• Susie Csorsz Brown

The NKOTB

(Flash from the past)

First, let me tell you a story. There was this FS family who moved to a new post overseas. They had been to other posts; this was not their first go at this. They arrived, dragged themselves to the grocery store, wandered around, spending an inordinate amount on a pitiful number of items. They pushed through the jet lag to get to a 'normal' bedtime , and then, like zombies, dropped into a listless sleep. Their arrival was not horrible, but not great. Very average, with no major mishaps: all 10 luggage artived, pets arrived, welcome kit was present (if not unpacked) in the house. Clearly, the new language would be a stumbling block. The next day, there was a 4th of July gathering at the embassy pool. Kids were very excited to make friends, mom was very excited to meet other adults, start building her new community. It's always nice to meet folks outside of the embassy community, too, but any friends would be welcome. The family arrived to the pool and ... not one child approached the family. Not one adult. Odd as the only people present were embassy community members; but not one. Everyone stayed with their established friend groups leaving the family to play on their own. Which they did. And the mom made a resolution to herself: never would another family feel like this, so isolated and ignored.

Friends, as much as we move, we are often the new kids in the block. We are the deer-in-the-headlights newbies who don't even know when we've made a social faux pas. We know general embassy rules (wear your badge, don't run around, don't leave unmarked bags lying around, don't take electronics where they shouldn't be, and don't go wandering where you shouldn't be), but the norms of that particular place? Nope. We don't know names, we don't know where rooms are, and we certainly don't know who is important as far as the hierarchy goes. We'd like to, though.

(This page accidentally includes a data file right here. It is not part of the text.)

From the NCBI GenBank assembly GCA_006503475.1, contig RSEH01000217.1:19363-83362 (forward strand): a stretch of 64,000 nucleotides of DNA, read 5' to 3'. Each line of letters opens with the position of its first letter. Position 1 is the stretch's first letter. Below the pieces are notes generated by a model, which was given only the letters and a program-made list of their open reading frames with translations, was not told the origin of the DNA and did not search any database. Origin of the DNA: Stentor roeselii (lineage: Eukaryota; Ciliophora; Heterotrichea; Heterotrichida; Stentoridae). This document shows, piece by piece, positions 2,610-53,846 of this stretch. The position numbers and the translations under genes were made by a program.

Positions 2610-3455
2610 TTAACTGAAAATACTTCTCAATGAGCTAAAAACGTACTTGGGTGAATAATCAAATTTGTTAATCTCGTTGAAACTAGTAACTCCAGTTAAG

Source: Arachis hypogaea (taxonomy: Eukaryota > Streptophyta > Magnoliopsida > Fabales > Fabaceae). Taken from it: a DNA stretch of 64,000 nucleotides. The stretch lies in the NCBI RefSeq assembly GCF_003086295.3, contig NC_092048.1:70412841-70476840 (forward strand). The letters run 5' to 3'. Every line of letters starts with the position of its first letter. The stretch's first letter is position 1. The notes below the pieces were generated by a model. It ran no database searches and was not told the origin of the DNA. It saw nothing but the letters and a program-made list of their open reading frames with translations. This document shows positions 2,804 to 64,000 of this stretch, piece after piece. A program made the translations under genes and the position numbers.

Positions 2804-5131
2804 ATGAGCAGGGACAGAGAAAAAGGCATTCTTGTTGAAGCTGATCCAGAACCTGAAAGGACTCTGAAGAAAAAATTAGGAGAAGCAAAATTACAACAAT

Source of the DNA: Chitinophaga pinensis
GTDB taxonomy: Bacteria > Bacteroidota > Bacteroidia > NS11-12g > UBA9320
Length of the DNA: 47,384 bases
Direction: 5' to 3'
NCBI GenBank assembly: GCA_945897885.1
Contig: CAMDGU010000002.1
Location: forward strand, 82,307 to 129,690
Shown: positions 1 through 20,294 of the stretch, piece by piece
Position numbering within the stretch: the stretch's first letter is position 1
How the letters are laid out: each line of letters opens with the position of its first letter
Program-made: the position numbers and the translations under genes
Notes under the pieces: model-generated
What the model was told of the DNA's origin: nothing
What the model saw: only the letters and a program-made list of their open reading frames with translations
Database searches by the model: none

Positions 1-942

More, we don't know who has kids, and who is a single. We don't know who has pets and who is grouchy before a cup of coffee. We don't know who talks way too much and who knows how to listen. We don't know the embassy gossip (probably don't want to). We don't know who just arrived and who is ready to head out. We don't know anything about anyone. We'd like to, though.

As part of my job last post, often people would wander in lost, looking for office x. Every time, I would take the time to walk with them, and show them the way. As part of my job, I regularly heard stories about missing past homes and friends and family. As part of my job, I played the role of welcome wagon + first friend at post + confidante + tour guide. Mostly, because I know what it's like to land and have none of those things. And to need nothing more than a little bit if each.

You know what can make all the difference for a new person (with or without a family)? A welcome. A happy-to-have-you-here. An invite to join. You don't have to bake a casserole or make a banner; just be welcoming. give this new person (+ family) a reason to be happy to leave the house. Or a hand with grocery shopping. Or finding their way to the x office. Be a First Friend. Help start a tour off on the right foot.

I say all this partly because I want this for every person transfering to a new place. And I say all this partly, too, because I hope someone does it for us.

#Welcome #arrival #Community

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Susie is certified through The Parent Coaching Institute, whose graduates are dedicated to help parents focus on "amplifying the positive, appreciating the good, and valuing the possible in themselves and in their children."  http://www.thepci.org/findcoach/ug/brown-susie-csorsz